Many peoples’ lives show a gradual but consistent transition from indulged OCD child to an adulthood of humility and adaptability (relatively speaking). This perhaps can be exemplified in looking at the history of beds. Life starts out for most in the luxury of a cradle, which — I must admit that I don’t remember this luxury firsthand and so I’m drawing from appearances and function alone — is essentially a throne for babies: an ornate piece of furniture existing purely for the needs of sleeping, rocking, and ogling at little stars and moons dangling overhead.
Once we move on to walking and talking, there is a shift to a real bed. The first bed is generally small but, then again, so are most babies. After a few years, the size of the bed expands, often accompanied by a move to a new, larger room. These beds are often presented as hand-me-down beds from relatives:You spend so much time in your bed that it’s more or less your throne:
Concurrently, children should be taught the benefits of maintaining a proper bed. Indeed, this can be a great way to teach responsibility and personal pride. Sheets and blankets all tucked in, top edge of the sheets folded down, comforter smoothed, pillows fluffed. And oh, the pillows. There were, of course, the standard two, but additionally there were the decorative pillows — an adornment my mother cannot seem to get enough of. The trick to the decorative pillows is angling. You cannot simply toss them onto the bed; they needed to be layered at opposing angles to give that Pottery Barn feel to the whole display. And once the pillows are done and the bed is officially made, you can add embellishments like stuffed animals. I had quite the collection of stuffed animals and I regarded them very highly. Definitely not the sort to toss into a toy box. Their place was at the bottom corner of the bed, where they were sat upright and in rows, so that they each had a view of the room and therefore could be part of the action day-to-day.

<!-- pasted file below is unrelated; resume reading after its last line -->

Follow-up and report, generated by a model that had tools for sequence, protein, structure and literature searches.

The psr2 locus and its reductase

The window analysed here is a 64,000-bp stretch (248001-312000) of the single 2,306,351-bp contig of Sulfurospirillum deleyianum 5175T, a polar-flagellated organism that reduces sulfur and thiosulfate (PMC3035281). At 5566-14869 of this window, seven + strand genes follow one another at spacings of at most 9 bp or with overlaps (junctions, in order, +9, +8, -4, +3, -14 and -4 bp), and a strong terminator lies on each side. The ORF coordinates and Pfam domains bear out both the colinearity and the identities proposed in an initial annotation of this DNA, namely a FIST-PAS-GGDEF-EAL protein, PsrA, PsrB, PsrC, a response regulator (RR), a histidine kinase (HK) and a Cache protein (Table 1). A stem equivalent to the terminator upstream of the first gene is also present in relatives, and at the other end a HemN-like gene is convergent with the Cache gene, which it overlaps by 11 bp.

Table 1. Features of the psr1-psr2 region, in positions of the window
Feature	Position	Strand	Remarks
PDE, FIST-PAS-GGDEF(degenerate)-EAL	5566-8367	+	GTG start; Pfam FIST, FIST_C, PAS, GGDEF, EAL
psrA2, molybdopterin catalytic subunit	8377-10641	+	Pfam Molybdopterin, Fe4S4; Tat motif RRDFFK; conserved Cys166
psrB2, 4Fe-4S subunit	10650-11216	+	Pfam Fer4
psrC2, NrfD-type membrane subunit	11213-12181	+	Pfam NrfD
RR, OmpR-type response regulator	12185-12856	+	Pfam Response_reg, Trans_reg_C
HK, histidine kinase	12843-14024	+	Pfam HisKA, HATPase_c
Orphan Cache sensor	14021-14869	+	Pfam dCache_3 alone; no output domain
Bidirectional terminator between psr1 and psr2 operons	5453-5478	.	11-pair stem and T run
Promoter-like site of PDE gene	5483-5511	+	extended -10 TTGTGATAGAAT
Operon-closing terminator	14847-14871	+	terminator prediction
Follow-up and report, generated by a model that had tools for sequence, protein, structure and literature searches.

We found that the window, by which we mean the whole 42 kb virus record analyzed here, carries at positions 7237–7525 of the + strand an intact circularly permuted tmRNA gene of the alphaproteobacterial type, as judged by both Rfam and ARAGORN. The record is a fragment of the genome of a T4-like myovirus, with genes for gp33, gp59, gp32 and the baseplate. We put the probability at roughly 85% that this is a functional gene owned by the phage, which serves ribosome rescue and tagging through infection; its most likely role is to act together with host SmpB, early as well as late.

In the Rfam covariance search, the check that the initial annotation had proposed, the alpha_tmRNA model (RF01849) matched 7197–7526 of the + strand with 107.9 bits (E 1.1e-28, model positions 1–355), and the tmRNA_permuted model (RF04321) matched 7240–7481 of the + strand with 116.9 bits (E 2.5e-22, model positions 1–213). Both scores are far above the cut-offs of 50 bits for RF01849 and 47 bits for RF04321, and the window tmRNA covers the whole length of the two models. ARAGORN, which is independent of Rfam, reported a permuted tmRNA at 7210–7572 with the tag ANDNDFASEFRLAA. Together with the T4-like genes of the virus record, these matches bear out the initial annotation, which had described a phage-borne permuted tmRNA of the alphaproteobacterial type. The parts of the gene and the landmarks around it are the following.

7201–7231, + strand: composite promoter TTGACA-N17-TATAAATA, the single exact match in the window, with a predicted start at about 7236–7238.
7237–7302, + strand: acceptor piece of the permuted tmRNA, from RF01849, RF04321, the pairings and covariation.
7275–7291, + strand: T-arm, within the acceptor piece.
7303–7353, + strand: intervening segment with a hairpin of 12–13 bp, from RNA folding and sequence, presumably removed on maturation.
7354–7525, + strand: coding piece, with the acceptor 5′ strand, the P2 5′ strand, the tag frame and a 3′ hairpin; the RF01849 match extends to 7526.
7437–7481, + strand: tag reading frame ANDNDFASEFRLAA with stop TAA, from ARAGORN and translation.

As children age, most children lose the stuffed animals, but the full transformation of sleeping spaces doesn’t take place until college. Most beds in University dorms just don’t compare to the quality of home. For instance, the squeakiness of the spring is likely to double. Privacy tends to decrease, and pickiness is not an option. Though many still make their bed (without the childhood ritualism), it’s more for the sake of creating sitting space. For the rest of my time in school, for instance, I got to live out a childhood dream: I moved up — literally — to a lofted bed (go figure). It was off campus and so to make the most of our money there were four of us crammed into a lovely, but tiny, apartment. My bed, being so close to the ceiling, was my only source of privacy. Its height also meant that making my bed was a difficult acrobatic task involving jumping from various surfaces and clinging by the nails to the railing. The bed never got made. Nor did my sheets get washed. It was a rumpled, dirty mess, but I kind of liked it that way.
I have since moved back down to floor-level, but aside from that not much has changed. I make my bed sometimes; sometimes I don’t. I am currently renting a furnished apartment and so cannot call anything about my bed my own. It is simply a place for me to rest my head. One of the pillows is essentially a sand bag and the bed is once again a twin, but luckily the other pillow is mushy and I think I’ve become a pro at sleeping in twins. I actually don’t like the excess space when I do sleep in a larger bed.
You spend so much time in your bed that you should make sure to treat it with the respect it deserves. Devote some time to sprucing it up, and you’re sure to appreciate the effects.